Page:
7. Introduction Integrated circuits


Integrated Circuits play a very important part in electronics. Most are specially made for a specific task and contain up to thousands of transistors, diodes and resistors. Special purposes IC’s such as audio-amplifiers, FM radios, logic blocks, regulators and even a whole micro computers in the form of a micro controller can be fitted inside a tiny package.  Some of the simple Integrated Circuits are shown in figure 7.1.

Fig. 7.1: Integrated circuits

Depending on the way they are manufactured, integrated circuits can be divided into two groups: hybrid and monolithic. Hybrid circuits have been around longer. If a transistor is opened, the crystal inside is very small. This means a transistor doesn’t take up very much space and many of them can be fitted into a single Integrated Circuit.
The pin-out for some of the common packages is shown in Figure 7.2:

Fig. 7.2: Pin-out and symbols for some common integrated circuits

Most integrated Circuits are in a DIL package – Dual In Line, meaning there are two rows of pins. (DIL16 and DIL8 are shown in 7.2b and 7.2c). The device is viewed from the top and the pins are numbered in an anti-clockwise direction.
High power integrated circuits can generate a lot of heat and they have a metal tag that can be connected to a heatsink to dissipate the heat. Examples of these IC’s are shown in 7.2d and 7.2e, and 7.2f.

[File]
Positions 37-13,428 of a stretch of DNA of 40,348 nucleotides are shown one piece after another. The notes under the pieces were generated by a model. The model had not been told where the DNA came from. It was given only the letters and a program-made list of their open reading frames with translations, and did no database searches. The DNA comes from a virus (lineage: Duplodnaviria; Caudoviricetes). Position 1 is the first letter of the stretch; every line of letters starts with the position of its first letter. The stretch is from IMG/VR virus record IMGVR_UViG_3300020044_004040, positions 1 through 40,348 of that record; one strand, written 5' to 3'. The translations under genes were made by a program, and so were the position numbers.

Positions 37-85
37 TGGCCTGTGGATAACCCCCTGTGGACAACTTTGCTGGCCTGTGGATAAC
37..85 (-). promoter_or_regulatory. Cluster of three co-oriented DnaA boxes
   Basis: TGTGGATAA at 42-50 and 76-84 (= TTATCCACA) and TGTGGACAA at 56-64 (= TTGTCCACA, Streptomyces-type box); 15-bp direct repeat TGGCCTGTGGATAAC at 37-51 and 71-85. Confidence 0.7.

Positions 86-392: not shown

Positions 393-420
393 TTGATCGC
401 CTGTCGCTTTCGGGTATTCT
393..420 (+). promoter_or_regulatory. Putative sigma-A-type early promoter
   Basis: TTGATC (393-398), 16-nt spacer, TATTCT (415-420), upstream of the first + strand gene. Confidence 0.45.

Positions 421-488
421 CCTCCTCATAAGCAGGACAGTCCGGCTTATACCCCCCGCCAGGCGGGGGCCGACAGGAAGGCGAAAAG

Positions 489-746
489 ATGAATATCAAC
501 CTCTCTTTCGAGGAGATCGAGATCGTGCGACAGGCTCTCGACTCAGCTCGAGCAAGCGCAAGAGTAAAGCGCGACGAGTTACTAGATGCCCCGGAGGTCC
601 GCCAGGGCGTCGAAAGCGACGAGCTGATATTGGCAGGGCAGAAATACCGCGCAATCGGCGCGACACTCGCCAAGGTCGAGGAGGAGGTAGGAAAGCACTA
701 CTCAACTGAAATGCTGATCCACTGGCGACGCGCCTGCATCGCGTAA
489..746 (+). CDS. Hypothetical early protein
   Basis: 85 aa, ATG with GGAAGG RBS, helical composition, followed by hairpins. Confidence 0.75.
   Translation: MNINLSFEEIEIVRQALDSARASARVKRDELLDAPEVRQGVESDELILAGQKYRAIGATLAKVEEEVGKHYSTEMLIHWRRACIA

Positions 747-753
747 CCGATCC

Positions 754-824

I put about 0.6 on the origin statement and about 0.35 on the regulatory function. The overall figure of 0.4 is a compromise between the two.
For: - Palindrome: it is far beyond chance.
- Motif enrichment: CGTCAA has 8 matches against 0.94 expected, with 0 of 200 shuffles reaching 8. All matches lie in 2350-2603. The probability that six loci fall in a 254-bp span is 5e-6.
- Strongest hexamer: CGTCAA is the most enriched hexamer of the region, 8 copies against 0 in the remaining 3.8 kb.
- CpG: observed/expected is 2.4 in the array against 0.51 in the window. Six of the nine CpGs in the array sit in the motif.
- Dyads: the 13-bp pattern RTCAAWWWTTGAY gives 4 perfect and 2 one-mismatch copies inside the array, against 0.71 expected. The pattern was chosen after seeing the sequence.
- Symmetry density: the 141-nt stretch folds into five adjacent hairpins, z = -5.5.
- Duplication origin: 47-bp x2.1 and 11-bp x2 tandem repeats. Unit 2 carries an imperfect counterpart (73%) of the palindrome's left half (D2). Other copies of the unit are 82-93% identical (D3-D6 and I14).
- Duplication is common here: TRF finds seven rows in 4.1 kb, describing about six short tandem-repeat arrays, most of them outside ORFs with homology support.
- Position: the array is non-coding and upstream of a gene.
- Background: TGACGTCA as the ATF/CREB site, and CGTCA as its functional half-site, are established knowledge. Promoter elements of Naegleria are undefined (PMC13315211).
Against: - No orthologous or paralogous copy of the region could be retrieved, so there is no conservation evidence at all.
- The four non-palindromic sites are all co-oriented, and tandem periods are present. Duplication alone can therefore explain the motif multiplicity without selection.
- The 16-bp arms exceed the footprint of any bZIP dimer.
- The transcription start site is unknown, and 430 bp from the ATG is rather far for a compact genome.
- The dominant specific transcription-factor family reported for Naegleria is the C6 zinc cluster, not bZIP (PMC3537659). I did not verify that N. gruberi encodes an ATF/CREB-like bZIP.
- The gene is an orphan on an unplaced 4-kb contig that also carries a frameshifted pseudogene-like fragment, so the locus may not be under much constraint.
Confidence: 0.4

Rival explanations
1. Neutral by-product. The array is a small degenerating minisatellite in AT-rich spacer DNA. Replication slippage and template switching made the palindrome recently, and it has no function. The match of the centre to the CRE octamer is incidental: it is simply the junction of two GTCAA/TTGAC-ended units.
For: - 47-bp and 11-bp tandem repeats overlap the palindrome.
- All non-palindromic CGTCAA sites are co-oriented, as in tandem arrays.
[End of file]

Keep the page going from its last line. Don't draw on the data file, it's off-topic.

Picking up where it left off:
Symbols used to represent integrated circuits are shown in 7.2g and 7.2i. Symbol 7.2g is commonly used to represent amplifiers.

Figure 7.2i shows an operational amplifier. Signs + and – represent inverting and non-inverting inputs. The signal to be amplified is applied between one of the inputs and ground (ground and supply aren’t represented, but are necessary for the circuit to operate).
Integrated circuits can be divided into two further groups: analog (linear) and digital. The output voltage of a linear circuits is continuous, and follows changes in the input. Typical representative of a linear IC is an integrated audio amplifier. When a signal from a microphone is connected to the input the output will vary in the same way as the voltage from the microphone. If watched on an oscilloscope, the signal on the output will be the same shape as the mic’s signal, only the voltage will be higher depending on the amplification of the integrated circuit.
It is a different situation with digital IC’s. Their output voltage is not continuous. It is either LOW or HIGH and it changes from one state to the other very quickly.